Practicing Self-Care Helped People Sleep Better Early on in the Pandemic

A white woman with red hair asleep in a bed

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Key Takeaways

  • A study from Germany found practicing self-care helped people sleep better during the early stages of the COVID-19 pandemic. 
  • Chronic stress may cause people to develop sleep issues, especially for women.
  • Engaging in some self-care, like journaling or making time for rest, can improve your sleep.

Early on in the pandemic, many struggled with sleep and found themselves tossing and turning into the early morning. But what helped those who were able to get some rest? Researchers say practicing self-care may have something to do with it.

A study from Germany suggests that self-care and remaining positive helped people sleep better amid the COVID-19 pandemic's many stressors early on.

Just under 1,000 participants in Germany answered a questionnaire about their sleep habits during the first lockdown period, which began in March 2020, and afterward. The study was published in the Applied Psychology: Health and Well-Being journal in early June.

High Levels of Stress Led to Poor Sleep Quality

The participants answered questions about the following subjects to gage their relationship between stress and sleep:

  • Overall sleep quality
  • Changes in sleep variables
  • Positive affect and self-care
  • Stress levels due to the COVID-19 pandemic

Self-care behaviors were measured using the Hamburg Self-Care Questionnaire, which asks participants about their specific mindful behaviors. Some questions ask participants to measure if they have allowed themselves times of rest and relaxation or if they've arranged their day in a way that makes them feel good.

People reported experiencing higher levels of stress during COVID-19 due to restrictions, fear that other people will contract COVID-19, reports from the media, uncertain economic development, and more.

The researchers found that "higher COVID-19-related stress was associated with lower self-care, positive affect, and poorer overall sleep quality."

What is Positive Affect?

"Positive affect" is a person's ability to experience positive emotions and interact with others and challenges in a positive way.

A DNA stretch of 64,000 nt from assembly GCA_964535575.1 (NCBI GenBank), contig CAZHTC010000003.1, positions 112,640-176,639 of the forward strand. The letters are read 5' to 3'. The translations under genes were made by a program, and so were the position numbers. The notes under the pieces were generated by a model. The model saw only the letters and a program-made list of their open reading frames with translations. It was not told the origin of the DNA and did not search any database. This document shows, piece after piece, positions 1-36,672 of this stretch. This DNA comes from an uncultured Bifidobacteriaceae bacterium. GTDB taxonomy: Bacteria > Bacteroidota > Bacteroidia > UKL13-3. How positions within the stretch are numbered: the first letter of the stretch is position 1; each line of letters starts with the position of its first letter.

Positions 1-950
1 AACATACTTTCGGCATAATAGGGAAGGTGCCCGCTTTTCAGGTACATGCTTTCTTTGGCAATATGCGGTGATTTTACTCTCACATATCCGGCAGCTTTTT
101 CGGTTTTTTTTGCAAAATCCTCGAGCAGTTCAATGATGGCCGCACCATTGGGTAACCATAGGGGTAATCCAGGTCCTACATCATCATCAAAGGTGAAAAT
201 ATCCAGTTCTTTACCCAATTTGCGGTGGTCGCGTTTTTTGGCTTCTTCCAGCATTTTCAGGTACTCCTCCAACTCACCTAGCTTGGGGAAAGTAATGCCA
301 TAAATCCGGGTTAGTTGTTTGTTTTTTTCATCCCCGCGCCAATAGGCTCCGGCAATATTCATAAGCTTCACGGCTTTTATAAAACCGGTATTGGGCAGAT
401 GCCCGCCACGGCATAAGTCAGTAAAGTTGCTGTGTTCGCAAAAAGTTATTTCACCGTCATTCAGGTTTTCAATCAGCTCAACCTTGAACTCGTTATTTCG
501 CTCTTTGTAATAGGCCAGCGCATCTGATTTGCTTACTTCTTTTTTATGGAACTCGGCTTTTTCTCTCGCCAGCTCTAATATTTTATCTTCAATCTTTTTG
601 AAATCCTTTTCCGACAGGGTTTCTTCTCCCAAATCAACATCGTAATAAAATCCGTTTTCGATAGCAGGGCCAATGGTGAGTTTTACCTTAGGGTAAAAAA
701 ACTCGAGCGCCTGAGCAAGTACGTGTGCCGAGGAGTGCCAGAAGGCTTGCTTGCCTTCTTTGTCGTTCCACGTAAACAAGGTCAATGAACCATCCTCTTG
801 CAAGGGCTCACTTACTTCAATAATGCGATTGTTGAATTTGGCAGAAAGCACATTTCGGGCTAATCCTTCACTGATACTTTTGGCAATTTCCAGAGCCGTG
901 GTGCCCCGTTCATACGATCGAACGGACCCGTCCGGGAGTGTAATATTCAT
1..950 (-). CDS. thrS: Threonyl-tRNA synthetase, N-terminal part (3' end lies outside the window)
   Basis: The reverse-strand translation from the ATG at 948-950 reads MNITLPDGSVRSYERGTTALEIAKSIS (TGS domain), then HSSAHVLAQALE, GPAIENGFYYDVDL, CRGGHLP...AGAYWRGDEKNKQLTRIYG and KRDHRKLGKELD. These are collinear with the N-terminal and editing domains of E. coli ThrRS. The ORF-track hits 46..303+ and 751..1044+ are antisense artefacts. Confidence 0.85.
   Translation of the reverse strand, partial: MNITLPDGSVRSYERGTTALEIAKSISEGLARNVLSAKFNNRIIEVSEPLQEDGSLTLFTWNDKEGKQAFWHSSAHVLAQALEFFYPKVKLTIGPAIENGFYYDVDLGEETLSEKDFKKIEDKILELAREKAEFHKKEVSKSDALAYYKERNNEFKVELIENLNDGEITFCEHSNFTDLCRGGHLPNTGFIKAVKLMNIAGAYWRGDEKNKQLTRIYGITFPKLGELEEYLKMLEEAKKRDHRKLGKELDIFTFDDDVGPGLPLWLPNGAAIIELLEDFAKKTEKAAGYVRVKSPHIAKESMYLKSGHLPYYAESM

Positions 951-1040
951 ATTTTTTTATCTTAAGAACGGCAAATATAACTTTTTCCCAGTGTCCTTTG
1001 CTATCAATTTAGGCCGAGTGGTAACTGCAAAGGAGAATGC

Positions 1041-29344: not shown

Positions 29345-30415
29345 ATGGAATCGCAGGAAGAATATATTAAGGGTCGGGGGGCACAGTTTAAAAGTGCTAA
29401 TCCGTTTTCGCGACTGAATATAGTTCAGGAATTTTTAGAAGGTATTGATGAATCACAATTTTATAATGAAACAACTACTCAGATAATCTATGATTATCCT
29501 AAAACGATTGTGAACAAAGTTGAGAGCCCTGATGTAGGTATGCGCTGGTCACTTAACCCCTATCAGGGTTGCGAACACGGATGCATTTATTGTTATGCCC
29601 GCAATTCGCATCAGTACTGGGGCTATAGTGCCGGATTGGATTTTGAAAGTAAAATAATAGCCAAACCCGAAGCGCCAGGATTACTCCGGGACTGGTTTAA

Women experienced higher levels of stress, lower overall sleep quality, and higher positive affect. People in relationships had a better sleep quality, as did those with higher levels of education.

"I think the findings of this study make a lot of sense," Nicole Avena, PhD, assistant professor of neuroscience at Mount Sinai Medical School, tells Verywell. Avena was not involved with the study. "I think that a positive mindset and behaviors that promote self-care would help with stress and therefore, help with sleep."

How Stress Affects Women's Sleep

Previous research demonstrates that chronic stress can interfere with women's sleep, especially for middle-aged women.

A 2015 study published in the Sleep journal found that life stressors over a 9-year period resulted in a range of sleep disturbances for middle-aged women, affecting their sleep quality.

"Women characterized by high chronic stress profiles had lower subjective sleep quality, were more likely to report insomnia," the researchers wrote. Higher levels of stress had a greater impact on sleep than moderate levels of chronic stress.

Avena says that the way women process and express emotions could also impact their stress levels, and in relation to that, their sleep.

"It is theorized that women may possibly experience and express more emotions than men due to the different social roles that women take on," Avena says. "Women may have been more likely to admit that they were having sleep issues or were stressed about the pandemic."